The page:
Finally, the relationship to the dispute of the communities in which the respective courts sit does not favor any forum. L-3 argues that New York courts have a strong interest in adjudicating this suit because L-3's parent and grandparent corporations are headquartered there. This is unpersuasive. The case L-3 cites to support the argument that venue properly belongs in the forum of a parent corporation says nothing of the sort. It involved no subsidiaries and merely notes that a state has an interest in adjudicating disputes where the conduct of businesses operating out of the state is at the heart of the matter. Vanguard Mun. Bond Fund v. Thomson Publ. Corp., 974 F.Supp. 1159, 1162 (N.D.Ill.1997). In this case, that would be Virginia, the location of MPRI headquarters during its involvement in the Balkans and the current headquarters of L-3. L-3's argument that New York has a meaningful interest in resolving disputes touching upon the activities of the U.N. is also unpersuasive. To support this argument, L-3 cites United States v. Kim, 246 F.3d 186 (2d Cir.2001), a criminal case from the Second Circuit. In Kim, the Second Circuit found that venue was proper under the federal wiretapping statute over a former U.N. employee who defrauded the U.N. using banks based in Manhattan. Id. at 191-93. The analysis never mentions a special relationship between the SDNY and the U.N., and given that the role of the U.N. in the case before the Court is merely as a source of witnesses and documents, it is unclear what reason there could be for granting it such a special relationship.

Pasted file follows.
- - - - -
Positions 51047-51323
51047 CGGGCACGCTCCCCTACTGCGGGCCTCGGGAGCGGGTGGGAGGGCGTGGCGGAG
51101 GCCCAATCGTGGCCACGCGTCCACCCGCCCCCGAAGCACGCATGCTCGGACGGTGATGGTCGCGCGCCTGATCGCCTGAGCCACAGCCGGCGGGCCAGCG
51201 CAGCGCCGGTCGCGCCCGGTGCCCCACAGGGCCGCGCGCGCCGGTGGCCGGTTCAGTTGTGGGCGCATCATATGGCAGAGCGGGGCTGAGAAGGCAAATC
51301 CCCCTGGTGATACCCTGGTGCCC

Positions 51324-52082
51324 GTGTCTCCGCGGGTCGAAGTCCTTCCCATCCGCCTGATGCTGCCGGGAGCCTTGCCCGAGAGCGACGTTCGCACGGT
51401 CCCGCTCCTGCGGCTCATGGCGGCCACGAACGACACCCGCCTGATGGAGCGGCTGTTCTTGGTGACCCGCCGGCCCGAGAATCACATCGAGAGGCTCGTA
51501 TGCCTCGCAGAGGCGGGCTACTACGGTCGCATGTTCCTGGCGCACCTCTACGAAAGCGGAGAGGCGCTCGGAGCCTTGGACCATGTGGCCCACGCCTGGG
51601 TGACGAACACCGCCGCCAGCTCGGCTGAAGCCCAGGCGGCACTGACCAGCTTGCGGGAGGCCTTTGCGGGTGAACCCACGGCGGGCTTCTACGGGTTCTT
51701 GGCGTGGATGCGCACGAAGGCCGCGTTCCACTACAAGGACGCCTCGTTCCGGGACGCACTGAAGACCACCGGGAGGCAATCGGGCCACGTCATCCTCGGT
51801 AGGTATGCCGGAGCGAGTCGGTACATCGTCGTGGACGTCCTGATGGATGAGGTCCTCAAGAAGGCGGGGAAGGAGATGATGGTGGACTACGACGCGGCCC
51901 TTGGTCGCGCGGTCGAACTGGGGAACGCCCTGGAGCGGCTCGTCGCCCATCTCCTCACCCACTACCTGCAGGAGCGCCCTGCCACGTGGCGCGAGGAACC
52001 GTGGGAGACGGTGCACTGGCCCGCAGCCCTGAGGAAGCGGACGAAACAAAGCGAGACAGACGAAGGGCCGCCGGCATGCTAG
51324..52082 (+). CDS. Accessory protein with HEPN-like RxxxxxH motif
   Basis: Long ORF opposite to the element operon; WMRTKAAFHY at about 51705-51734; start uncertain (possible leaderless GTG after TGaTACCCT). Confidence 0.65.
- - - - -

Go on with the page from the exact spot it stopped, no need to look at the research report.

More persuasive are L-3's arguments that the EDVA has an interest in regulating the actions of a Virginia-based military contractor. However, the interest of the EDVA to regulate its businesses must be weighed against the interests of the NDIL in redressing the wrongs done to its citizens. Illinois has absorbed thousands of Krajina refugees and helped to resettle them. The Court believes that both Illinois and Virginia have interests in this dispute.